Well sit me on a porch with a washboard and break out that old time jug 'o moonshine. The Wowz certainly put you in that sort of mood with their strange Appalachian musical ways. There's a little bit of everything in here, country folk with drunken down harmonies, kitchen sink percussion, and the requisite banjo. But there is something strange and off kilter in the mix that makes them sound more like the Silver Jews or Bill Callahan.
The singing on "Happy Today" from their Long Grain Rights CD is pretty quirky as is the rest of the instrumentation. It sounds sort of like the boys just set up shop on grandpa's porch and started in on the hoedown.
"Birds Fly Higher" [sic] is a more standard countryish song, though still just as bouncy. I feel like this track could have been a Schoolhouse Rock song in the 70s. The Wowz mix silly melodies and instrument lines that sound very Beatlesque on this song. Their easygoing and lighthearted ways are pretty infectious. The band is made up of Sam Grossman (guitar, bass, vocals), Simon Beins (guitar and vocals) and Johnny Dydo (drums, vocals). Hey look, everyone sings!
Who out of here used to love the Dead Milkmen? That silly, but quirky sense of humor with a punk rock spirit championed a new sound for the college market. That is back when indie music was considered college/alternative rock. The WoWz have managed to bring back the fun in indie music while still making some good pop songs("See You In The Paper"). These are fun tunes for fans of Ween, Dead Milkmen, and early The Flaming Lips.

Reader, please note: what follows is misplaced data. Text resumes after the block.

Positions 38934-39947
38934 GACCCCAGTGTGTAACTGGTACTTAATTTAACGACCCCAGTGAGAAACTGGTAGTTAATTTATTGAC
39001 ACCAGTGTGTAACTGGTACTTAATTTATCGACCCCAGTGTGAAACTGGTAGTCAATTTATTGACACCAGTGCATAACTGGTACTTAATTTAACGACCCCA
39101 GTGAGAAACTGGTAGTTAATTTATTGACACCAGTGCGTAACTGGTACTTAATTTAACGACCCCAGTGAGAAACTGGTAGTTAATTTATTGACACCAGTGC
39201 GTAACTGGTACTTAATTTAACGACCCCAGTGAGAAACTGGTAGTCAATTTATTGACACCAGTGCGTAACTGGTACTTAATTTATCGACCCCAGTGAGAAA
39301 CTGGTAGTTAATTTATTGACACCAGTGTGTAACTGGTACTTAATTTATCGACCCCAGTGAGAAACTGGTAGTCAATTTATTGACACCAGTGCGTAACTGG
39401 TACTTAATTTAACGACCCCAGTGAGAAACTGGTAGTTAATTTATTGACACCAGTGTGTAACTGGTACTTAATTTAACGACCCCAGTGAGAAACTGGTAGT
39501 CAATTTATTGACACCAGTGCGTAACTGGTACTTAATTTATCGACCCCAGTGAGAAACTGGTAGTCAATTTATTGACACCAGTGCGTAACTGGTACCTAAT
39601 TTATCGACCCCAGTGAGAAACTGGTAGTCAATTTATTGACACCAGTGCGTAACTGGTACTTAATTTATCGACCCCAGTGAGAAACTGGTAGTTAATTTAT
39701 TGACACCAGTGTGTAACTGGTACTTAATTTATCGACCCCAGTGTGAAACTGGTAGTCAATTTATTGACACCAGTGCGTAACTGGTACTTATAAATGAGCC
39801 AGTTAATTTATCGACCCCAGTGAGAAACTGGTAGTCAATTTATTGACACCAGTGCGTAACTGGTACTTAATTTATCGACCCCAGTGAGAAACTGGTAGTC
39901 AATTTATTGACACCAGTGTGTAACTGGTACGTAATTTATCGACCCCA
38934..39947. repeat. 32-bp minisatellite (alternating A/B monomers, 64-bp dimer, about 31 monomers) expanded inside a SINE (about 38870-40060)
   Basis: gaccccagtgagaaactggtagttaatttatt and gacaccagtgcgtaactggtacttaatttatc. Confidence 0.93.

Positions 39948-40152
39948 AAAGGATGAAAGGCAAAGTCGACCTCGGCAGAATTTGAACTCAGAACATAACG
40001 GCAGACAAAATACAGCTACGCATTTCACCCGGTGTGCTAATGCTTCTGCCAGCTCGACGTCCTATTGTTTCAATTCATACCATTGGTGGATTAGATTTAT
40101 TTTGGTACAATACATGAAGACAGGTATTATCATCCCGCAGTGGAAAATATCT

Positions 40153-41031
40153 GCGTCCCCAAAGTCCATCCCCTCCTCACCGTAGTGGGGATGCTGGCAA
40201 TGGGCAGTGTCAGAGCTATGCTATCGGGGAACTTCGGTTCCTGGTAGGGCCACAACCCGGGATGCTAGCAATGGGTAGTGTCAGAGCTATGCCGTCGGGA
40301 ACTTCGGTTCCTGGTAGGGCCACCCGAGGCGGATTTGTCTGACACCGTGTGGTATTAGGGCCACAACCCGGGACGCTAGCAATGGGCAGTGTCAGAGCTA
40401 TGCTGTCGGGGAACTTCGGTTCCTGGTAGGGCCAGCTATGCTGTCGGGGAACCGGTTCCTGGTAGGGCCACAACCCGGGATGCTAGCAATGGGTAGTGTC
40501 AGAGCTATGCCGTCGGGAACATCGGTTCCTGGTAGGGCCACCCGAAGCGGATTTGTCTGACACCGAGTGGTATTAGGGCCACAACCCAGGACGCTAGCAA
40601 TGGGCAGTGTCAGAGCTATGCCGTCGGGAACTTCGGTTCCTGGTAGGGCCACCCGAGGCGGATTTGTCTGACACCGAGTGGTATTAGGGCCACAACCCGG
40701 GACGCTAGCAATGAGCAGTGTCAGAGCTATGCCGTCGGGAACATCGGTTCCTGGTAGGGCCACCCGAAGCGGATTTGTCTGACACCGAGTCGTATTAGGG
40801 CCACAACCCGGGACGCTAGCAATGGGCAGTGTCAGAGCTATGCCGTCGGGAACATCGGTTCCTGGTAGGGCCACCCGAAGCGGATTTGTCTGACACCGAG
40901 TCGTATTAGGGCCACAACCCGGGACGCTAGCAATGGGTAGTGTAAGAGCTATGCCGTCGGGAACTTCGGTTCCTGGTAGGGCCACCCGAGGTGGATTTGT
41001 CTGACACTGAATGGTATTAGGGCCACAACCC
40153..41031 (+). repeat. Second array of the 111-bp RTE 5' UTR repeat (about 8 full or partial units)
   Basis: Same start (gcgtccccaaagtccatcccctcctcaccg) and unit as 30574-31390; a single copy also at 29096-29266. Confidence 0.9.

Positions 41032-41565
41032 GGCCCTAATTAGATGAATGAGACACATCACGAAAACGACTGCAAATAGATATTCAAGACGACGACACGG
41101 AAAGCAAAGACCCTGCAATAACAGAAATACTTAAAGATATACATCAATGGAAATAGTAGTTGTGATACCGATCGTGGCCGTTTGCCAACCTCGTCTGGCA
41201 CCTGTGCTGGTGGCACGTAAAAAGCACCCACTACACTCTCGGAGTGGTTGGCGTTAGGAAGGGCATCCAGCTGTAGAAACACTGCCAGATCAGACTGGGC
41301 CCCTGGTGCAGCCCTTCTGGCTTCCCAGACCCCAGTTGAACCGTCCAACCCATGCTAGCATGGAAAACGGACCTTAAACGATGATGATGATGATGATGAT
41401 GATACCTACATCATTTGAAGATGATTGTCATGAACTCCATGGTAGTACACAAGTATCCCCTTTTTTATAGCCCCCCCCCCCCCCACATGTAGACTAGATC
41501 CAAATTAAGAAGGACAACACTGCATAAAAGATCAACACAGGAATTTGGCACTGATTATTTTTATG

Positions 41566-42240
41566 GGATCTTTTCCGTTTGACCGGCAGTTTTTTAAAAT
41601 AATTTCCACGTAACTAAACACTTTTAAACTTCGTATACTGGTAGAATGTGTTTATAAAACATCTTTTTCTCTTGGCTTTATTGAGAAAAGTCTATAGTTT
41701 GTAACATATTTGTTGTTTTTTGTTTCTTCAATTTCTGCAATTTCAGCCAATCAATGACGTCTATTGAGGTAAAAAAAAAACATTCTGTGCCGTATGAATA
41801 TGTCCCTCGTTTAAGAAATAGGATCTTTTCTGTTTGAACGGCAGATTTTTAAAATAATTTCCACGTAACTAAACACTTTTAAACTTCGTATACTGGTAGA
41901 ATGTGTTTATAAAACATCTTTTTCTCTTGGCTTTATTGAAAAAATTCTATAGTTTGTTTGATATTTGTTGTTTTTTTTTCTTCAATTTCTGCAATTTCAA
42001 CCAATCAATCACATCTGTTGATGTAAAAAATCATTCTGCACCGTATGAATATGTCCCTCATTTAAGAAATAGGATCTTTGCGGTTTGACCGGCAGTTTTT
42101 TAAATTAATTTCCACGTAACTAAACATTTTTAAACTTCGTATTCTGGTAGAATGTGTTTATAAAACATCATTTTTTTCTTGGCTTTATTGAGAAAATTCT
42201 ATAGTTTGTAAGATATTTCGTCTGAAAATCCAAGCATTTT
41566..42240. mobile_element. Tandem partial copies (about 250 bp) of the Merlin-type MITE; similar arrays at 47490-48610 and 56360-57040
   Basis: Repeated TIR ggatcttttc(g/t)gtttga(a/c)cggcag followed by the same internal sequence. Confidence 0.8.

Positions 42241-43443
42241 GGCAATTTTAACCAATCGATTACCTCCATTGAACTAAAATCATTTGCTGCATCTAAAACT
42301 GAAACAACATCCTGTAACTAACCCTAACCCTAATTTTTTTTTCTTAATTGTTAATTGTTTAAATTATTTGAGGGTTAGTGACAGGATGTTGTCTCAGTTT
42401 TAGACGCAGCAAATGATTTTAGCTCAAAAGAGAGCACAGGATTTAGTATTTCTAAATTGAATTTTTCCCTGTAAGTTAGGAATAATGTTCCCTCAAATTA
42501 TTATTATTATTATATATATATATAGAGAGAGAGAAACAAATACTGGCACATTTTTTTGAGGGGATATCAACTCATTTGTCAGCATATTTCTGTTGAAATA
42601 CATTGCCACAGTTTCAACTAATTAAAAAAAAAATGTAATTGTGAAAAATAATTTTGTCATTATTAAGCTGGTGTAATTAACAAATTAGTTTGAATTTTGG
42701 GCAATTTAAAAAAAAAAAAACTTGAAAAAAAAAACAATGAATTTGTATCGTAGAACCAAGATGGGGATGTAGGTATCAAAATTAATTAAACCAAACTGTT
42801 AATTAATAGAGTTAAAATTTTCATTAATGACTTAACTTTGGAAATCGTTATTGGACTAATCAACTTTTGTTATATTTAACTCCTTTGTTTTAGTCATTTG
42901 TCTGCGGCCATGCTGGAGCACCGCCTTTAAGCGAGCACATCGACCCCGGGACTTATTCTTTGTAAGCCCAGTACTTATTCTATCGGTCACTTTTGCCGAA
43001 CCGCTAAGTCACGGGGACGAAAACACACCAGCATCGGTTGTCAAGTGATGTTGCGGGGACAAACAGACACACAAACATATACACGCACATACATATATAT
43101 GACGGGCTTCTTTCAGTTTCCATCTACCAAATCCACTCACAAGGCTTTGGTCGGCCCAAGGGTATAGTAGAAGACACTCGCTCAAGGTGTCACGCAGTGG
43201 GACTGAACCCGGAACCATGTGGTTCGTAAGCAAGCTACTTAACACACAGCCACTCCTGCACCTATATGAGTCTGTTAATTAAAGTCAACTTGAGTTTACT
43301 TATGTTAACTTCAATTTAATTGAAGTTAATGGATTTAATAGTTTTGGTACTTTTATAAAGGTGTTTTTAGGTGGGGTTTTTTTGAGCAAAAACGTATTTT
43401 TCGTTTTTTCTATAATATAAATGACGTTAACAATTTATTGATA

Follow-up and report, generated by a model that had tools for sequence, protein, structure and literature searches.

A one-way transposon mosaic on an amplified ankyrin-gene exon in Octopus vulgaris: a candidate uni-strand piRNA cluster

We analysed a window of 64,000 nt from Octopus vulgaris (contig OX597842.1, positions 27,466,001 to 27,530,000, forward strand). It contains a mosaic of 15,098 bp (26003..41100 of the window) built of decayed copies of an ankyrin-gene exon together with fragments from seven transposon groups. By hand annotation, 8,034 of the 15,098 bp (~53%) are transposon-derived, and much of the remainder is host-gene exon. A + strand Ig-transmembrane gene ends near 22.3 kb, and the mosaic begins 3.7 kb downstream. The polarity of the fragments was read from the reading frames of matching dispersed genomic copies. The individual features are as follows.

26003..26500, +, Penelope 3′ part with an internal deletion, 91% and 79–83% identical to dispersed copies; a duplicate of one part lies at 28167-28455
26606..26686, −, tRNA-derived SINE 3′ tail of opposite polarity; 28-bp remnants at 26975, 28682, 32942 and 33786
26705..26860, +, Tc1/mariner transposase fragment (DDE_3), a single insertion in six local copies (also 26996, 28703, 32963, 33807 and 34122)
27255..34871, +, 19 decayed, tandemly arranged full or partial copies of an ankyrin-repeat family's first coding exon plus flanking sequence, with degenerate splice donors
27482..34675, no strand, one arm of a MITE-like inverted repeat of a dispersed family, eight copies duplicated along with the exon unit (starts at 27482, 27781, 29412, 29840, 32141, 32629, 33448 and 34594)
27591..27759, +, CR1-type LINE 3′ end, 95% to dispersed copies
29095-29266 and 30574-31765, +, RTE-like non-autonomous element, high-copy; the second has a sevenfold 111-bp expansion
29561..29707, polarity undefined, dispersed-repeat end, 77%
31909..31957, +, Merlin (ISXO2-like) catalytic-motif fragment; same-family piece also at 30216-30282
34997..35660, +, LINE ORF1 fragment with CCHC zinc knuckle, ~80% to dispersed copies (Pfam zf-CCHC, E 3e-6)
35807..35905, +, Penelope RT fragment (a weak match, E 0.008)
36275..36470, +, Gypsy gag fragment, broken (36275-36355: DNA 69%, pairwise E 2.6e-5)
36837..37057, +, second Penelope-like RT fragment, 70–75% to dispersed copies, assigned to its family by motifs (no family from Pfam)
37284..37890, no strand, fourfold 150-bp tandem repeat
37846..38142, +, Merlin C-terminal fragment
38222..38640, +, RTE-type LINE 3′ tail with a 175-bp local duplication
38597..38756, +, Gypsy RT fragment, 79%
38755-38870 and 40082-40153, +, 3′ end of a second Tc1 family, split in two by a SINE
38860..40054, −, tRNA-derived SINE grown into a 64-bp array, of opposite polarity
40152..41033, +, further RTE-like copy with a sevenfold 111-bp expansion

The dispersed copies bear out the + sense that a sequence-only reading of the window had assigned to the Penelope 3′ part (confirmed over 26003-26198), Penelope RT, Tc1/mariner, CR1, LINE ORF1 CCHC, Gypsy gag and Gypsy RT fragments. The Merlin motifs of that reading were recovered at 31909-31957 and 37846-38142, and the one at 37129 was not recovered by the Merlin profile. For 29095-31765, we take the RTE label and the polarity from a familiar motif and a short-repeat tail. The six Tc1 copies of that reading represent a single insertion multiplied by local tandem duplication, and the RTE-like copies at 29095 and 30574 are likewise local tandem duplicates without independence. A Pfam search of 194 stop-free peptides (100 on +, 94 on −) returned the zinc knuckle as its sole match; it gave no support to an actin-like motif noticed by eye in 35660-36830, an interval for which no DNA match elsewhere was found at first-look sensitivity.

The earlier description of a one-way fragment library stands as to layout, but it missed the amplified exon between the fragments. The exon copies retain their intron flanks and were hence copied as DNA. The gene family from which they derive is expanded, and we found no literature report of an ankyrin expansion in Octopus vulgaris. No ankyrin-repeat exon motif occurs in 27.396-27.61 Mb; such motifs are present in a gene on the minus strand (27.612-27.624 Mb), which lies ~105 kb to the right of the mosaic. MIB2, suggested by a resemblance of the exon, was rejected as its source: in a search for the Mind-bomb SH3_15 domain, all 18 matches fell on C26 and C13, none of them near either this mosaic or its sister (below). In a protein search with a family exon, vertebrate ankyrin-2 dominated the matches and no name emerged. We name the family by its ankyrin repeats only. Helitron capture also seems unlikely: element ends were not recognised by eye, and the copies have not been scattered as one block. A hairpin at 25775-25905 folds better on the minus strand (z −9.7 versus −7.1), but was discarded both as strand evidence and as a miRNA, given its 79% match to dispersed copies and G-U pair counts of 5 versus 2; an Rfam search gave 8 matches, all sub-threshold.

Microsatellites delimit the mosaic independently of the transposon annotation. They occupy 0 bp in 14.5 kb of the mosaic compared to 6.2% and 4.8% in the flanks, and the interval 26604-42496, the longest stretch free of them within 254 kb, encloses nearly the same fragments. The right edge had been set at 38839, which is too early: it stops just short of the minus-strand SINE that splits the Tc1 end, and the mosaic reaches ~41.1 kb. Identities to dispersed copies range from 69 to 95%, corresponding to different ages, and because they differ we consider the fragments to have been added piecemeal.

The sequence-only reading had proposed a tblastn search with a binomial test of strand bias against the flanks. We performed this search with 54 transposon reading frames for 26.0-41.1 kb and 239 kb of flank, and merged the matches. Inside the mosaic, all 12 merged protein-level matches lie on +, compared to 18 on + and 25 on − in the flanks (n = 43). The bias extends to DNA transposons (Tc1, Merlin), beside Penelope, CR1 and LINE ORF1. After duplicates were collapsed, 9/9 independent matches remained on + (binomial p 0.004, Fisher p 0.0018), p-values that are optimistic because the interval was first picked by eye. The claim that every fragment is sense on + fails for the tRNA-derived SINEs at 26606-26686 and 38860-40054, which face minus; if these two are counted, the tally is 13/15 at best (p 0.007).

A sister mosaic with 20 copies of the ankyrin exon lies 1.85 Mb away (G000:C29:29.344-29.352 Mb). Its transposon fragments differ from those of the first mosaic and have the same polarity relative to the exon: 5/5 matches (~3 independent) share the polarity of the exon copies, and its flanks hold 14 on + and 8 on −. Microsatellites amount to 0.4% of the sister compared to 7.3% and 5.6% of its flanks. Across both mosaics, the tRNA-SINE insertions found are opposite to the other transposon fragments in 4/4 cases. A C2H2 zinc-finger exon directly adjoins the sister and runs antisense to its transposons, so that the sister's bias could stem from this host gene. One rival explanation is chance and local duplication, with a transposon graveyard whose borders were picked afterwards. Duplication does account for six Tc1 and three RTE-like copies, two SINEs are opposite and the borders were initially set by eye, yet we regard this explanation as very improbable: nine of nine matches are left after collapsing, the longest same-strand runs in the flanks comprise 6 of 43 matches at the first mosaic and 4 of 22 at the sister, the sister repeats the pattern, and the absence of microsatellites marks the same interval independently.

April 7, 2005
Talk about a lack of subtlety! "Happy Today," the first song on Long Grain Rights, is as instantly addictive as a shot of heroin, and it sets a pretty high standard for the rest of the album. The song is catchy as all get-out; with its loud strummy acoustic guitar and happy, upbeat singing, there's no reason for you to not feel happy today. Seriously, folks--this might be unfortunately classified as 'anti-folk,' but to this writer, The WoWz do not sound a damn thing like any of those kinds of bands, nor should they be classified as such. (Damn lazy music writers, always forcing bands into meaningless genres!)
Comparisons to bands like the Byrds and the Beatles may abound on their website, but there's something a bit more...childlike...about their music. The wholesome innocence of sing-along numbers like "Happy Today," "He Wanders" and the clappy-sad "Nothing Would Be Better" are reminiscent of a weird blend of Daniel Johnston, Half Japanese and Beck on a Schoolhouse Rocks! tip. The simple melodies are compounded by words that are instantly catchy; it's easy to envision the WoWz as a great live band, one who gets the audience worked up and happy--even though, of course, sometimes they're singing songs about breakups and death and not happy stuff. New York has too many people and even more crappy bands, but the WoWz stand out in the crowd.
Literally--they're the kind of band you're more than likely see standing out on the street, singing outside subway entrances and street carnivals, entertaining the crowd.